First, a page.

A company called Energy Vault has proposed a new utility-scale battery that is both old and new at the same time. The “battery” is mechanical, rather than chemical, and stores energy much like pumped hydro does, but it does it with bricks.
If you’re not familiar with pumped hydro, it works like this.
The system pumps water from a lower elevation to a higher elevation when electricity is plentiful and cheap. When electricity becomes more expensive, operators release that water through a hydroelectric turbine to give the grid some extra juice. Similarly, Energy Vault wants to build a system of six cranes, which will electrically stack heavy bricks into a tower when electricity is cheap and plentiful. When electricity becomes more scarce and expensive, the cranes will release each brick and harvest the energy from their fall.
This system solves an important problem inherent to pumped hydro: it requires a pretty specific kind of topography and often causes environmental concerns.
Energy Vault’s “battery” offers an interesting opportunity to deliver long-term storage to grids with more and more renewable energy. Currently, chemical batteries tend to be short-duration, sending bursts of energy onto the grid to maintain frequency. These batteries are not necessarily replacing a more traditional generation source for several hours at a time. By contrast, Energy Vault says its battery can be built for long-duration applications. So it can be used to store excess electricity from renewable energy, and discharge that energy when renewable generation is low.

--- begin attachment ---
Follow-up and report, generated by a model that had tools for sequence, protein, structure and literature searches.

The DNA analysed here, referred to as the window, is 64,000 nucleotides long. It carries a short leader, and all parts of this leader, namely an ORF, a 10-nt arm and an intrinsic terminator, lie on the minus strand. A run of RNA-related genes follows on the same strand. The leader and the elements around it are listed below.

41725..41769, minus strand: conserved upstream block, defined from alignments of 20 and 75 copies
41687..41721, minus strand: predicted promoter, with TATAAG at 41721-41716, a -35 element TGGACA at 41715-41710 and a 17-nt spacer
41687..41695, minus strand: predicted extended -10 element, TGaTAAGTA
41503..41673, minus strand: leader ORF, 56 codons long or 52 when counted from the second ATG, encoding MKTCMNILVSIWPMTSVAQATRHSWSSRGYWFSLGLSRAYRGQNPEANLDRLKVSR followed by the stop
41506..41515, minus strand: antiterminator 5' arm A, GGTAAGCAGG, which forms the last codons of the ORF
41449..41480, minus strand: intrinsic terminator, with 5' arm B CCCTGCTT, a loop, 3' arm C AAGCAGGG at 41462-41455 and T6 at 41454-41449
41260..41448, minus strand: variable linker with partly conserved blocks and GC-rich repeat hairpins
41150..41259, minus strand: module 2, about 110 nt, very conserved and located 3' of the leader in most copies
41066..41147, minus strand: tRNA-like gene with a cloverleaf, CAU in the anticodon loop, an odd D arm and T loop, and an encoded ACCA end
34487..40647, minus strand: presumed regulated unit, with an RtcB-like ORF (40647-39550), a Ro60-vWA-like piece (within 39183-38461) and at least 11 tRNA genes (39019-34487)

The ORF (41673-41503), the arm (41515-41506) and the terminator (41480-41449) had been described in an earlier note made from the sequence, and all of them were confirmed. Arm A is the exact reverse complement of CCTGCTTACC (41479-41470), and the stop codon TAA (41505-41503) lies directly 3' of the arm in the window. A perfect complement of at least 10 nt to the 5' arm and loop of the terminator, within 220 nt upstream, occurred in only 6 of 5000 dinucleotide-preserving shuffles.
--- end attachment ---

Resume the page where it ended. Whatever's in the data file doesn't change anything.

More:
According to GreenTech Media, Energy Vault estimates that a standard-sized system would be able to deliver four megawatts (MW)/35 megawatt-hours(MWh) of energy at a lower cost than any other competing energy storage system for 30 to 40 years (somewhere between $200 and $250 per kilowatt-hour). Per Renewable Energy Magazine, the company has an agreement with India-based Tata Energy to build a pilot project in 2019.
GreenTechMedia notes that Energy Vault has built a 1/7-scale version in Switzerland, but a good idea and a small demo don’t necessarily translate to immediate success. Advanced Rail Energy Storage (ARES), a similar concept where a weighted train is driven up an incline so it can later be released to produce energy, received a lot of attention since its founding in 2010. But construction is only just starting and operation isn’t scheduled until 2020.
Still, Energy Vault says that its system includes a number of advantages that will actually bring this tower of bricks to fruition. It’s built on an “easy to install” foundation and relies on proprietary software to move the cranes that assures 90 percent round-trip efficiency for the bricks. Energy Vault also plans to create its bricks from waste debris, to minimize pollution from new concrete.
With any luck, the company could replicate the staid, long-lasting energy delivery of pumped hydro, without any of the water.